Presented by the Cayman Islands Department of Tourism, the food and drinks offered at the event loosely reflected a Caribbean theme. Anson Restaurant served up a crudo of local fish, jalapeno sorbet, shrimp cracklings, and cucumber relish which was refreshing but a strange sensation to be eating a frozen item while bundled up for winter. We quickly warmed our palate with the drink offering from the Gin Joint. With a bit of spice and sweetness, their Milagro Anejo tequila cocktail named “Vagos Motorcycle Club” was our favorite of the evening. We got a taste of what is to come from Republic Reign as they mixed up a “Norm’s Neck” cocktail with Sailor Jerry rum and beet juice.
The longest line was at the Mediterra Catering tent. The lure of mojo braised pork and Ambrose Farms sweet potato cakes with blackened local shrimp had everyone queued up. Cru Cafe and Catering served a baby artichoke and sunchoke salad featuring an overwhelming blue cheese, but we went for seconds of their delicious yellowfin tuna with mascarpone and English pea risotto. Guests missed out if they didn’t get a chance to grab a lump crab and local shrimp salad crostini from Twenty Six Divine. The catering company also offered a dessert for partygoers in the form of a dark chocolate and cherry liqueur truffle.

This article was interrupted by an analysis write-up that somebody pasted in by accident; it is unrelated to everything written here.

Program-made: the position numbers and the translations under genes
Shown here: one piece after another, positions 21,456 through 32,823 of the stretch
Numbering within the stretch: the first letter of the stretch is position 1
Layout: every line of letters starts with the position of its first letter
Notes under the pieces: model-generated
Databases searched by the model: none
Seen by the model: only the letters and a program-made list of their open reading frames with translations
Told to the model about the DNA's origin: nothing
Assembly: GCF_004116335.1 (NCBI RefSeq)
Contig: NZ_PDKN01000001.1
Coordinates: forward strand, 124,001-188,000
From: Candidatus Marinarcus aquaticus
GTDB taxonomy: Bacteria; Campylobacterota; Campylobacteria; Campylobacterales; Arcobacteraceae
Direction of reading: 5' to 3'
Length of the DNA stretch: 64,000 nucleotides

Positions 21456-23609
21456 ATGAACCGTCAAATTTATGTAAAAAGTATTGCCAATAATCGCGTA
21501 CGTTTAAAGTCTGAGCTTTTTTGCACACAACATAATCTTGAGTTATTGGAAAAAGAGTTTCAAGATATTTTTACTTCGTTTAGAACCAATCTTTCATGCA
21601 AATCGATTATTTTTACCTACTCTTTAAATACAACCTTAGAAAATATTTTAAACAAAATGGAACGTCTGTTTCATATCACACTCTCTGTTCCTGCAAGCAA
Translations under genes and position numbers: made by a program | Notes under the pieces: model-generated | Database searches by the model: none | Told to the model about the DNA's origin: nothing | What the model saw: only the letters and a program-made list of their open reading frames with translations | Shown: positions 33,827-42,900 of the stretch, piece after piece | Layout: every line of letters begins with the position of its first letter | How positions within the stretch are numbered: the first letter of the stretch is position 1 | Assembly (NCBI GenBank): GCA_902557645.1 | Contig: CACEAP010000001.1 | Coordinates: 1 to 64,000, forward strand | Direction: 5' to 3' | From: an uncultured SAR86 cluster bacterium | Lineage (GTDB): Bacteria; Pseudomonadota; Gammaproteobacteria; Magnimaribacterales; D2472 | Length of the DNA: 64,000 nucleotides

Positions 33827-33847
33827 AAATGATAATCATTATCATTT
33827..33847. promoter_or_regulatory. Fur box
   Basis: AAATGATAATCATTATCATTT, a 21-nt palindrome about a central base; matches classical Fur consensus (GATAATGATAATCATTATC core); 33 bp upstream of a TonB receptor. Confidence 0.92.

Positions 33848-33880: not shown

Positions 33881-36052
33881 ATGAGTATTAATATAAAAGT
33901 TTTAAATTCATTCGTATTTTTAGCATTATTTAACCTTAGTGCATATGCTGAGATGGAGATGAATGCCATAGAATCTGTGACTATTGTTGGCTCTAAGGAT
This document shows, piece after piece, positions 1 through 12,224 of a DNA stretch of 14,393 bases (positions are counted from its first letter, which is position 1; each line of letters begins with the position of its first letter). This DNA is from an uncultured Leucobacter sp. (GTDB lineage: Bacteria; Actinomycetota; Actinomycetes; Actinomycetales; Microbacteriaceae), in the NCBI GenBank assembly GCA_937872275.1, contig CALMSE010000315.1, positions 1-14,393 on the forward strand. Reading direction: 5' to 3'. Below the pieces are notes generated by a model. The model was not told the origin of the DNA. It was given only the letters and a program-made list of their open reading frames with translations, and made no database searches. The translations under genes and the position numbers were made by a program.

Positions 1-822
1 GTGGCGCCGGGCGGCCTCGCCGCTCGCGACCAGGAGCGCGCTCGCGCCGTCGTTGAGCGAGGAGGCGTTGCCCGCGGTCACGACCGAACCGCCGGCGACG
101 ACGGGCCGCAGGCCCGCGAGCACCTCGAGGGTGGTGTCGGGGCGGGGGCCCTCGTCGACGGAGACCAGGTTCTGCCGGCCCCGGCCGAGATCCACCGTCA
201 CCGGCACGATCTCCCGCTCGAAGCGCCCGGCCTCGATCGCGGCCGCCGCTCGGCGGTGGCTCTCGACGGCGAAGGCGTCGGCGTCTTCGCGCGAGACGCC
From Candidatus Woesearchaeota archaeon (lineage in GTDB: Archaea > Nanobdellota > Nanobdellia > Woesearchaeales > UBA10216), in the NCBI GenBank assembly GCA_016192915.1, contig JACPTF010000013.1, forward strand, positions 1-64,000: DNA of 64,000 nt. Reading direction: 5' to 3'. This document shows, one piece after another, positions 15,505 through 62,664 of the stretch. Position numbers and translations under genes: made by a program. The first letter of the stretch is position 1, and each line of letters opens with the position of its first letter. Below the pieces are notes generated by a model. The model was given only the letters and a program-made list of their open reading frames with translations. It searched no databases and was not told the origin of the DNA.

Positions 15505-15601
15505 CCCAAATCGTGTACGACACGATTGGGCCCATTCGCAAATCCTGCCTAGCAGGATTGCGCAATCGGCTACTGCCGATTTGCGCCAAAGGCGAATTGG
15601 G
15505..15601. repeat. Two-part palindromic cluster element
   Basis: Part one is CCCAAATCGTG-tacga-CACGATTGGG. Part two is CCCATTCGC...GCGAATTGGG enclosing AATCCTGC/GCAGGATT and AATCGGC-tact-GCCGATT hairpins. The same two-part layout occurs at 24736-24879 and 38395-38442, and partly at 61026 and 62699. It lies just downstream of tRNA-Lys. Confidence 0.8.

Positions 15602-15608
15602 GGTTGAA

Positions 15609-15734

The biggest hit of the fête however was the man parading around in a pirate costume. Everyone wanted to take their picture with him and towards the end of the evening he indulged the crowd by getting down with the ladies on the dance floor. DJ Mateo was serving up some interesting tunes — John Cougar Mellencamp mashed up with M83? Everyone seemed to be enjoying themselves and we heard several guests singing along as the tequila and rum took hold.
The main dining room on the second floor of 82 Queen was as packed as it’s ever been on Friday night, so says Stephen Kish, owner of the historical restaurant downtown. The restaurant hosted a sold-out craft beer dinner with superb food prepared by Chef Steven Lusby and beer parings courtesy of Widmer Brothers Brewing.
The décor in the room was definitely focused on beer. Even the nametag holders were creatively constructed with bottle caps.